Her resolve halted at the sound of that name, so foreign to her now. For nearly the last four years she has been Hawkeye or Cadet Hawkeye. Riza was another person, a shy but emotionally strong girl who cloistered herself from the world and spent all her time working to support herself and her father, cleaning the dilapidated estate they lived in, and studying alone to keep up her education. She was Hawkeye now. She thought she had made the transition after a few weeks in military school but she truly became her after her first kill and she was terrified that it would be a while before she could ever find Riza again.
But the fact was, at the sound of the name a flood of emotions came to her of a life she once knew. When she had encountered him on the battlefield the first time he hadn't referred to her as anything but "you" and only called her Cadet or Hawkeye when not speaking to her directly. She had adapted to the new titles fine when talking to him but she could tell he wasn't yet comfortable with her calling him "sir" or "Major." But for her to hear that name, especially from him, it reminded her that he was the only one who knew who she was before: that hard-working but quiet girl who had secretly harbored such affection for him that he never knew about.
She took a moment to compose herself and try to push back the memories.
I am Cadet Hawkeye and he is Major Mustang.
"It is not appropriate to call me that, sir," she said, walking into the sparsely furnished tent. In spite of him having far nicer and more private quarters than your average enlisted man, the place itself was still far from cozy. It seemed to only contain a cot, a small desk with a box and cushion for a chair, and an overturned crate for a side table upon which there was only a dimly burning lamp that lit up his tired face, a pair of ignition gloves, and an empty bottle of whiskey.
He sat on the edge of the bed, looking up at her as she entered: dark hair mussed, bags under his eyes from not having a proper sleep since arriving there, wearing just an undershirt and uniform pants but no shoes.
"Traditional protocol has been dropped tonight if you haven't noticed. And besides, no one heard me," he said apathetically. "So to what do I owe this pleasure?" he asked, without a touch of joy. It almost sounded like something he would have said back when he was a teenager but the smile that would have accompanied the question was nowhere to be found.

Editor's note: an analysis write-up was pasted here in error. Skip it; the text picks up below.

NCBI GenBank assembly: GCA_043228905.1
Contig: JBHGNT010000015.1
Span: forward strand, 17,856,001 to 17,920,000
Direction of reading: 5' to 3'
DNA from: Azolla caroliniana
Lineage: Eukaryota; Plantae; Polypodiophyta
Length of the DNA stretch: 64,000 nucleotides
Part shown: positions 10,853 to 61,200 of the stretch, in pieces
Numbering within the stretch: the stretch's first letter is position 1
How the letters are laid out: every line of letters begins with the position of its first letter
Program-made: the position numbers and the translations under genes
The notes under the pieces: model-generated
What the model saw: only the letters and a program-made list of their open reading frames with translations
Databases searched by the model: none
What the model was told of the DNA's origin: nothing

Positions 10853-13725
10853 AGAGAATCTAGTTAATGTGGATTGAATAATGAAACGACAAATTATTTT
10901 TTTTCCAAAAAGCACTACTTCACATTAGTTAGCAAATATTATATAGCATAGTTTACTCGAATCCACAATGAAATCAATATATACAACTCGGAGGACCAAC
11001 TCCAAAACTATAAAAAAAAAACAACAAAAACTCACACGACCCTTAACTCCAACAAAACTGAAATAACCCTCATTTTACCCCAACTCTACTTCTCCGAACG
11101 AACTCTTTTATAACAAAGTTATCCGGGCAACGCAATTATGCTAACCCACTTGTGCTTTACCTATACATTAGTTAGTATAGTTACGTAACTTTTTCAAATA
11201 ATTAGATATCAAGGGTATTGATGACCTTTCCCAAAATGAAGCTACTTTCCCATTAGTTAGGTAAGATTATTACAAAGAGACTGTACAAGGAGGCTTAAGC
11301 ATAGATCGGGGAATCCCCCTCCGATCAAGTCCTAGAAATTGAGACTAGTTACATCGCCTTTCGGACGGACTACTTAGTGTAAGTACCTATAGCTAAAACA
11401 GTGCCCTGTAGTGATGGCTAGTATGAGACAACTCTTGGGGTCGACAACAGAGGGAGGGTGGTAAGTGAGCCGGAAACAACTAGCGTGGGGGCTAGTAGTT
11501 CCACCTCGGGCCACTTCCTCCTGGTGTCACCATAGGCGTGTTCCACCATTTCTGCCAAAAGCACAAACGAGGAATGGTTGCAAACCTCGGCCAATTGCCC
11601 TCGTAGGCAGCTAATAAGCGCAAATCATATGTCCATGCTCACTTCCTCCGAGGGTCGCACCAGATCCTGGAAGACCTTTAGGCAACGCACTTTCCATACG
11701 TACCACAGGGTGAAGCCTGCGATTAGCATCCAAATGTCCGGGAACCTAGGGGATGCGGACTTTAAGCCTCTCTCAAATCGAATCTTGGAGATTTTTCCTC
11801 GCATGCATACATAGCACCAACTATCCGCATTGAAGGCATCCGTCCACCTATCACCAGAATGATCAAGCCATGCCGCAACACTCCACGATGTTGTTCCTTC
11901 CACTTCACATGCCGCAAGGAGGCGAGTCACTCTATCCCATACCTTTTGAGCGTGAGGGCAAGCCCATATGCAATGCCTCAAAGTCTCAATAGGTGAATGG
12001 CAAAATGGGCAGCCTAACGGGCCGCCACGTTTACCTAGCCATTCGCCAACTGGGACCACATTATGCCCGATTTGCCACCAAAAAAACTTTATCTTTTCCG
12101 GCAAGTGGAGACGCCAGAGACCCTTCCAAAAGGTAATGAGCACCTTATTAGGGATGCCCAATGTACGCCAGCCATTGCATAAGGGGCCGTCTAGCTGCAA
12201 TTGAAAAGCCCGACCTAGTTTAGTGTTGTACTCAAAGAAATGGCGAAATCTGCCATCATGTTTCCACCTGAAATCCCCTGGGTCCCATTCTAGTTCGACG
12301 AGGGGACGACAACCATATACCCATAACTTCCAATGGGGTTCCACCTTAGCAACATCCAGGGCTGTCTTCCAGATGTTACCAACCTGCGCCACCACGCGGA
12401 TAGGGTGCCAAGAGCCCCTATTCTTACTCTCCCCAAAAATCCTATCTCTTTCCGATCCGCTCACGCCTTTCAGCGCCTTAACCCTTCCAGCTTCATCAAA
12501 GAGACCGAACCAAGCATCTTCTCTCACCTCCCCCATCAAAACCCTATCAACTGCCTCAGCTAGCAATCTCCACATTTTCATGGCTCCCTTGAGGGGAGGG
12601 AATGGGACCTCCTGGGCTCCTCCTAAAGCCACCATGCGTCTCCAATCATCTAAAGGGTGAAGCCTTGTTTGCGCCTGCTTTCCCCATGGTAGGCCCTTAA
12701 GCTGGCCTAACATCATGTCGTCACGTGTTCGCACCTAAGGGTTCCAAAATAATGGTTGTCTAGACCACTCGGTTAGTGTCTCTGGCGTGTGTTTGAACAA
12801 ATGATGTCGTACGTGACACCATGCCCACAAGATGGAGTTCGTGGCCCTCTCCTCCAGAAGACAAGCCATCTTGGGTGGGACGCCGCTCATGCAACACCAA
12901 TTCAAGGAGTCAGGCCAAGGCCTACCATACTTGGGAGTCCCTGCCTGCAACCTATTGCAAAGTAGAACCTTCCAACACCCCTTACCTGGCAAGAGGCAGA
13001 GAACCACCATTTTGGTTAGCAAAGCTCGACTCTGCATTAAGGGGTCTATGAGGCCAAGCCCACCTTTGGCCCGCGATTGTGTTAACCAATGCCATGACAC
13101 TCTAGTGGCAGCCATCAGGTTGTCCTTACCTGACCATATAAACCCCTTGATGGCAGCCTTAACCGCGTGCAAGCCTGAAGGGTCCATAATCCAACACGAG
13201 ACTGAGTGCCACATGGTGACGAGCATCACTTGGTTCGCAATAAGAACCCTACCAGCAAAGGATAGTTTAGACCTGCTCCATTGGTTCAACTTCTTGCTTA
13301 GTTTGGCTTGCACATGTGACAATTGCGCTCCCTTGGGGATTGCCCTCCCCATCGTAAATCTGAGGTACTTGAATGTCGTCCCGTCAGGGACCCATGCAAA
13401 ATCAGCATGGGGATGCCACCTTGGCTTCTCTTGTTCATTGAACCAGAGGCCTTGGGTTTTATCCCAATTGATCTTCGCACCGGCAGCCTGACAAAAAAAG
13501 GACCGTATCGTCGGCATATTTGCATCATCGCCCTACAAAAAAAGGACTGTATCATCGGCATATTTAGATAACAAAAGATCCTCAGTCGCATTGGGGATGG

She wanted to answer immediately but her eye had been caught by the empty bottle of whiskey on his nightstand and she couldn't stop staring at it. Hughes had been drunk. If he had been drinking too there was no way he could do what she would ask of him.
"Have you been drinking?" she asked bluntly without answering him, her eyes still clearly trained on the bottle, unable to look at him directly yet.
He turned around to see where she was looking.
"Hughes drank most of that. I only had some of it and that was hours ago," he clarified, curiosity edged in his voice as to why his state of sobriety was so important. He didn't have any orders to give until morning and she wasn't even under his command. It should have been clear to her by the fact that he was cooped up in his tent instead of outside celebrating or stumbling around that he was not intoxicated, but he was a sad drinker anyway. Not that she would have known. He left the Hawkeye estate before he could legally drink and had never really indulged until he got to the military academy.
She stepped a bit closer to him in order to get a better look at him, finding no traces of alcohol in his visage. She nodded in confirmation and stood up a bit straighter. She forced herself to look frankly at him as she spoke so he would understand the severity of the matter.
"Do you remember what I said in the field today?" she asked, her amber eyes boring into his dark ones, almost challenging him to feign forgetfulness. He looked away from her stare and down at his hands hanging limply between his legs.
"Yes," he answered, his voice low and somber.
She took a deep breath.
"You made me a promise," she said, hoping she wouldn't have to explain much further.
He remained silent for what felt like hours but was actually just seconds. He knew what he had promised her but he didn't want to have to face it; especially not so soon. He had taken off his gloves the second they announced that the war was over and had been afraid to touch them since. Even just walking past the bonfires outside of his tent had been a painful reminder.
"I know this is sudden," she started, anticipating his response, "but I'm going to be going back to school after this and you'll be returning to some city office and who knows when we will see each other again. I can't wait. I need these secrets to die among the mess they created." She let out a breath and felt her strength crumbling. She was prepared to beg him if she had to.